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Nationals “what was Nook Logan thinking” video is finally up and all is right in the world

In celebration of the 10-year anniversary, MLBAM has heard our calls...

Cleveland Indians v Washington Nationals Photo by Greg Fiume/Getty Images

A few weeks back, while playing the Texas Rangers, Wilmer Difo was on third when Trea Turner laid down a perfect bunt. If Difo had run straight from third without stopping, he would have scored the winning run of the game, avoiding extras and an eventual loss. Instead, this happened... CLICK HERE IF YOU’RE ON MOBILE.

It, to say the least, was not Wilmer Difo’s (or the Nationals’) proudest moment.

However, for those of us who have been along since the darkest of days (we’re talking 2007 here), it felt strikingly similar to something that happened to the Nats before.

Specifically, the event happened on June 23rd of 2007. Down to the Indians 4-3, the Nationals had the bases loaded and only one out. Second baseman Felipe Lopez hit a chopper directly back to the pitcher, who promptly threw home, recording the second out of the inning.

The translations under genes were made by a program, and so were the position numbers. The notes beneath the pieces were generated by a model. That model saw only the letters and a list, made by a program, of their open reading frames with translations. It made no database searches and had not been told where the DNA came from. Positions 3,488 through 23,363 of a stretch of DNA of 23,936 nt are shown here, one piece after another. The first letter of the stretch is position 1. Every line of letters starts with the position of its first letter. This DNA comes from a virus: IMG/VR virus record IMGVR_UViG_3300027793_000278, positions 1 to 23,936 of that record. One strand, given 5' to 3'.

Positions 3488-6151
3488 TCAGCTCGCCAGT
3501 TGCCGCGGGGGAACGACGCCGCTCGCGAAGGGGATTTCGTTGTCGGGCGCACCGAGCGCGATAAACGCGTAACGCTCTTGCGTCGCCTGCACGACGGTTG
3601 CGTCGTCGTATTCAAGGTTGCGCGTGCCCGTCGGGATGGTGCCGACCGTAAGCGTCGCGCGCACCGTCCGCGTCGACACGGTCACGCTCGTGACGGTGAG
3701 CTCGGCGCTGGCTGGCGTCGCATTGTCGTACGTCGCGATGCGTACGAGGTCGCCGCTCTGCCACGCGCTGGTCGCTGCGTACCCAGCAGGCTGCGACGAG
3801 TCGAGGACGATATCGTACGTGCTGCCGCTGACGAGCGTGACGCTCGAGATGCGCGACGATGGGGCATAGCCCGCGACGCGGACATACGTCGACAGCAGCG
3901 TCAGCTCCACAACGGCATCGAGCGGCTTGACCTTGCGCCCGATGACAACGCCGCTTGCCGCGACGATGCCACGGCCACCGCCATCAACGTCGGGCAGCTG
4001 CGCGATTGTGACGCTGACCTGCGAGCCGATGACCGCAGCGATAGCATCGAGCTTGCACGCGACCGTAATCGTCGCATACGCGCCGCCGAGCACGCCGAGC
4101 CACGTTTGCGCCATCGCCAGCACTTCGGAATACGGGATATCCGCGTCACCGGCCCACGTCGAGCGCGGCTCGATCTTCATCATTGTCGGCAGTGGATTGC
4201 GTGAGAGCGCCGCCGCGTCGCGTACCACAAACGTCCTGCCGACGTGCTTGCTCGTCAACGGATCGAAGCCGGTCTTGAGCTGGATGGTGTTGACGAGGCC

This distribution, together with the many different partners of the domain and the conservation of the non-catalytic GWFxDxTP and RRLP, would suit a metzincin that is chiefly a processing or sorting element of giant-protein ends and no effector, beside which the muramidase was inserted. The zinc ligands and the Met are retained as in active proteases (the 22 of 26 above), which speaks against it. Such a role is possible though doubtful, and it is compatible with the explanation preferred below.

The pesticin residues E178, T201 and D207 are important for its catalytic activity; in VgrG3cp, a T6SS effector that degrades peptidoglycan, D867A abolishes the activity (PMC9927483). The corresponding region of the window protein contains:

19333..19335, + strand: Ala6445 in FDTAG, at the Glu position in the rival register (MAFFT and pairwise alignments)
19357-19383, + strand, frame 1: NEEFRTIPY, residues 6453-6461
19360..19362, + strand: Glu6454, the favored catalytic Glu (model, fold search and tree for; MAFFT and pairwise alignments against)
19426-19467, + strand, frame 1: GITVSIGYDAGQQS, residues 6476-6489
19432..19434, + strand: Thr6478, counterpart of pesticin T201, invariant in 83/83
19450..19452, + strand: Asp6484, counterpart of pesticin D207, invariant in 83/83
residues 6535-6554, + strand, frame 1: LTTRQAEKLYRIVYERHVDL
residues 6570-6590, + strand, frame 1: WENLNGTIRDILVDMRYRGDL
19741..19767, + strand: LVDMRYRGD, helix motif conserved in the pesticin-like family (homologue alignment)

That should have been that. However, these were the 2007 Nats.

Center fielder Nook Logan decided to go rogue after the out was recorded, rounding third, assuming that the catcher would throw to first.

The catcher did not throw to first. Instead, he threw to third, making Logan look like a fool, and catching him five feet off the bag to record the game-ending double play.

However, the rare 1-3-5 double play did have one positive: it produced the greatest radio call from Nationals’ radio play-by-play man Charlie Slowes.

The call, which essentially consists of Slowes screaming and questioning what could have possibly gone through Logan’s mind (“What was Nook Logan thinking? What was he watching? Where was he going!”), has achieved a sort of legendary status among Nats fans in that it’s one of the more iconic moments and radio calls in the franchise’s young history, especially for the timeframe.

However, until recently, no video of the play existed; not on YouTube, nor on MLB, nor anywhere else. The only remnant of that sliver of history was the raw audio of the call on YouTube, which any fan that searched “Washington Nationals” in boredom likely saw long ago.

With the ten-year anniversary of the infamous play occurring today, it only seemed fitting that multiple fans and writers requested for Major League Baseball to release the video of the incident alongside Slowes’ call — and in a rare break for humanity, it worked:

Remember: No matter how bad things get this season and in the future, it could never even get close to this...